Not many years ago, I came into some photos of my childhood through an aunt. The first I had seen. On the back of each was the scratchy handwriting of my father, who died at 45 from a heart attack. On this one, he had written “Yolande says ” Hey Dad! Look at me, I’m dancing.”

On the back of another photo, he had written, “This was a proud day for Mom too in her bright red taffeta dress”. It inspired me to create this picture of Mom and I. She just looks radiant. What they were celebrating I don’t know.

There were many hard times ahead of them but on this day I want to say thanks to Mom and Dad for making me the person I am today. You taught me hope and determination and love of family. Thank you.

The Eyes of a Little Girl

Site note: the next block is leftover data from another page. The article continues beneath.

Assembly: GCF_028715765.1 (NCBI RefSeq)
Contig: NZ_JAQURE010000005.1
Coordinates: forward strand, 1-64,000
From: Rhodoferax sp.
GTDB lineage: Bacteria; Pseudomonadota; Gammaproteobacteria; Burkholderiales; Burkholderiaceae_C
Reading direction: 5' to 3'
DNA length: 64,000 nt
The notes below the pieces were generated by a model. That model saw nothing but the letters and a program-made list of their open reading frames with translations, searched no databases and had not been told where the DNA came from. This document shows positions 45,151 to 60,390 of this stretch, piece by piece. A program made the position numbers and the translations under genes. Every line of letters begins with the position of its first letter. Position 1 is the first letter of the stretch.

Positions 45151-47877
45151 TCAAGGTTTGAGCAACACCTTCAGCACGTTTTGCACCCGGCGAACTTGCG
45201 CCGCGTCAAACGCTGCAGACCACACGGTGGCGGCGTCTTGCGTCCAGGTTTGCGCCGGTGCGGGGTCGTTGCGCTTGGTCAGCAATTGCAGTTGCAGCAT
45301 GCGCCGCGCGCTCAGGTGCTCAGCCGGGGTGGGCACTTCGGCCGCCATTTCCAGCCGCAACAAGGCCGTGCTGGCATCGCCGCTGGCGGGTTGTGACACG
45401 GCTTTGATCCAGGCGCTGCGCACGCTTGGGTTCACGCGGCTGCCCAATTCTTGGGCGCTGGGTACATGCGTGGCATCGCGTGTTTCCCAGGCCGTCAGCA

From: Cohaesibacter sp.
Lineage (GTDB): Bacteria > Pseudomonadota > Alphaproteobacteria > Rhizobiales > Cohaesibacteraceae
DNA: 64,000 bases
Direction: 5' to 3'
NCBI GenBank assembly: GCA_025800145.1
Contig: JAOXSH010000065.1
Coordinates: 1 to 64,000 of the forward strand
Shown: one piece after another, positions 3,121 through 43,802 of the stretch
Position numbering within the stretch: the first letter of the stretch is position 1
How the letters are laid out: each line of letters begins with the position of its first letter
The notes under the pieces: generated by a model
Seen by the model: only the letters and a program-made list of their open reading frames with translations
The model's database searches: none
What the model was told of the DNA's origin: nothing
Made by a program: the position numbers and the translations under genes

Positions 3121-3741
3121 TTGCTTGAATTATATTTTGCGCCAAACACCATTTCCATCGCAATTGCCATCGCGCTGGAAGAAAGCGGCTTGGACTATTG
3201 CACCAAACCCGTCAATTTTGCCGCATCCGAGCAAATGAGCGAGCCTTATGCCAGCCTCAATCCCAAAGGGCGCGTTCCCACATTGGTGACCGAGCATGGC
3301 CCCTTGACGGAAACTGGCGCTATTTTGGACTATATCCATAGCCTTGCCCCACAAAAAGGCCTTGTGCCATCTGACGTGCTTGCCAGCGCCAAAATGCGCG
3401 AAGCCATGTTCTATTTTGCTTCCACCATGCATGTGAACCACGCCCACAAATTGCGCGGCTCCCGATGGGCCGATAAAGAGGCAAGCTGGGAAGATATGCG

While I look for my ancestors, my mind often goes back to my childhood days. Those memories take on a dreamlike quality, parts as clear as a running stream and others hazy and filled with uncertainty. I spent very little time with my grandparents which makes the memories all the more poignant. My father’s parents lived in a little bungalow on Horace Street in Winnipeg, Manitoba. My grandfather carried in him all the talents and abilities of his French Canadian ancestors. He was a carpenter by trade and a “cultivateur” at heart. The long back yard of the little brown tiled house was beautifully green with  Caragana bushes around it. In the spring, they would be filled with robin’s nests and the delicate blue eggs inside.


Alfred and Adelina (Rose Daigneault) Beauchamp 1950’s